About two months ago, I was asked to be a guest panel speaker for a college career center event at a large university with HR professionals. The topic was sourcing to the millennials. The day was spent talking about the workforce coming out of colleges and the needs of businesses. I had a different perspective, not being an HR professional because I help guide individuals through the challenging path of finding their purpose. Helping them to truly understanding who they are and how to communicate those transferable skills to employers. I’m the bridge between.
The day was probably the most fascinating day I’ve experienced to date in Reeder Consulting because it was a dialog between students at the university talking about their “wants” and companies trying to match what they “need.” Let’s just say…there’s a disconnect and anyone who is in this field truly understands.
Career guidance is always a tricky topic because there are many different company cultures and one size does not fit all, which is why it’s incredibly important to know what environment you thrive in professionally. The shift companies are trying to make to focus on what motivates the new workforce to decrease their turnover cost when the millennials want everything now!
80 million Millennials have begun entering the world of work, and other generations are taking notice.
Millennials score high on IQ tests. They also score higher on such traits as extraversion, self-esteem, self-liking, high expectations, and assertiveness. These traits are purported to often lead to narcissism and entitlement.
After commencement, 29% of top college graduates intend to seek employment in the private sector, while 17% have set their sights on the nonprofit field or teaching. Only 2% of respondents plan to work in the federal government after leaving school. Some 27% are looking at graduate school, and the rest are looking at the military and other options.
Millennials work best with clear guidelines, frequent and immediate feedback, context, clarity and independence.
They prefer to work in teams and make group decisions. They do not deal well with ambiguity and slow processes. They value trust and transparency.
The corporate ladder has become more of a career lattice, with Millennials often preferring job rotation to a more time-demanding job promotion.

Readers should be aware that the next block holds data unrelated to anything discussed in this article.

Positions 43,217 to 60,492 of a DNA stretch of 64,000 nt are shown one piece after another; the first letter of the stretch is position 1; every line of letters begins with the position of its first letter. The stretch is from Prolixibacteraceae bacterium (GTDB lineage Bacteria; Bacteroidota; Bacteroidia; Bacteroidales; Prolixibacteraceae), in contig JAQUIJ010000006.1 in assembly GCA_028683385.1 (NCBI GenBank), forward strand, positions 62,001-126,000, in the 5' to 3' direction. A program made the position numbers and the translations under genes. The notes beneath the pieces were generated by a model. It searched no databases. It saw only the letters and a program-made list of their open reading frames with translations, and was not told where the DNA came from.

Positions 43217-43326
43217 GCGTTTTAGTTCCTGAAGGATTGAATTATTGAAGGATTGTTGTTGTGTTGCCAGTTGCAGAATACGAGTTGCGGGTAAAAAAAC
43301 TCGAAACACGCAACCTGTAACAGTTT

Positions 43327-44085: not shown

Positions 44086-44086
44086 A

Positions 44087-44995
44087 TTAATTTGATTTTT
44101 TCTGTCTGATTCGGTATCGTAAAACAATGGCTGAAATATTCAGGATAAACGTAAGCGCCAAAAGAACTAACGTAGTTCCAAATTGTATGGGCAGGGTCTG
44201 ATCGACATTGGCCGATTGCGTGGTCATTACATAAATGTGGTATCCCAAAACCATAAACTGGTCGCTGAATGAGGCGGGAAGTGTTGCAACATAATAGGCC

Gen Xers tried to achieve work-life balance; Millennials demand it. At almost twice the size of Gen X, Millennials may just get it with three out of four saying that work-life balance drives their career choices.
Millennials expect close relationships and frequent feedback from their managers. They view their managers as coaches or mentors. These bosses—not the corporation—can earn the loyalty of Millennial employees by keeping commitments. A positive relationship with a boss manages Millennial retention risk. The No. 1 reason that this age group leaves a job is directly related to their boss.
Welcoming this generation into the workforce will take effort from managers. The benefits will be plentiful as the delivered needs of this generation will bring out the best talents in each employee.
With all of the statistics above, that’s not all of them. The report really is worth reading and digesting. What is required of companies is to step back, take notice and figure out how to do things differently. I truly feel for the Human Resource managers but I also believe that with leadership/coaching principals put in place now, great rewards will be gained.
In sharing my experience from the conference, I had many, MANY professional friends who are not HR individuals almost angry at the “sense of entitlement” from this generation. Comments such as “REALLY, they want to come in at an above average salary range, advance quickly, have flexible work schedules AND be part of the strategic direction of the company immediately or they will leave?” to “How can someone with such limited world experience think they don’t have to go through the important process of working for the positions it took me years to get to because you don’t know everything at 25?” This is where the “sense of entitlement” part of the statistics above comes into play.
What isn’t always understood is millennials are working “smarter, not harder” which is a lesson for all. They learn quickly, adapt, love change and are curious. But what we know for sure is “things are a changing” so understanding the generational difference is critical to success for businesses. At Reeder Consulting, we work to educate our clients on how to be competitive, unique and knowledgeable about the workplace so everyone proceeds with confidence.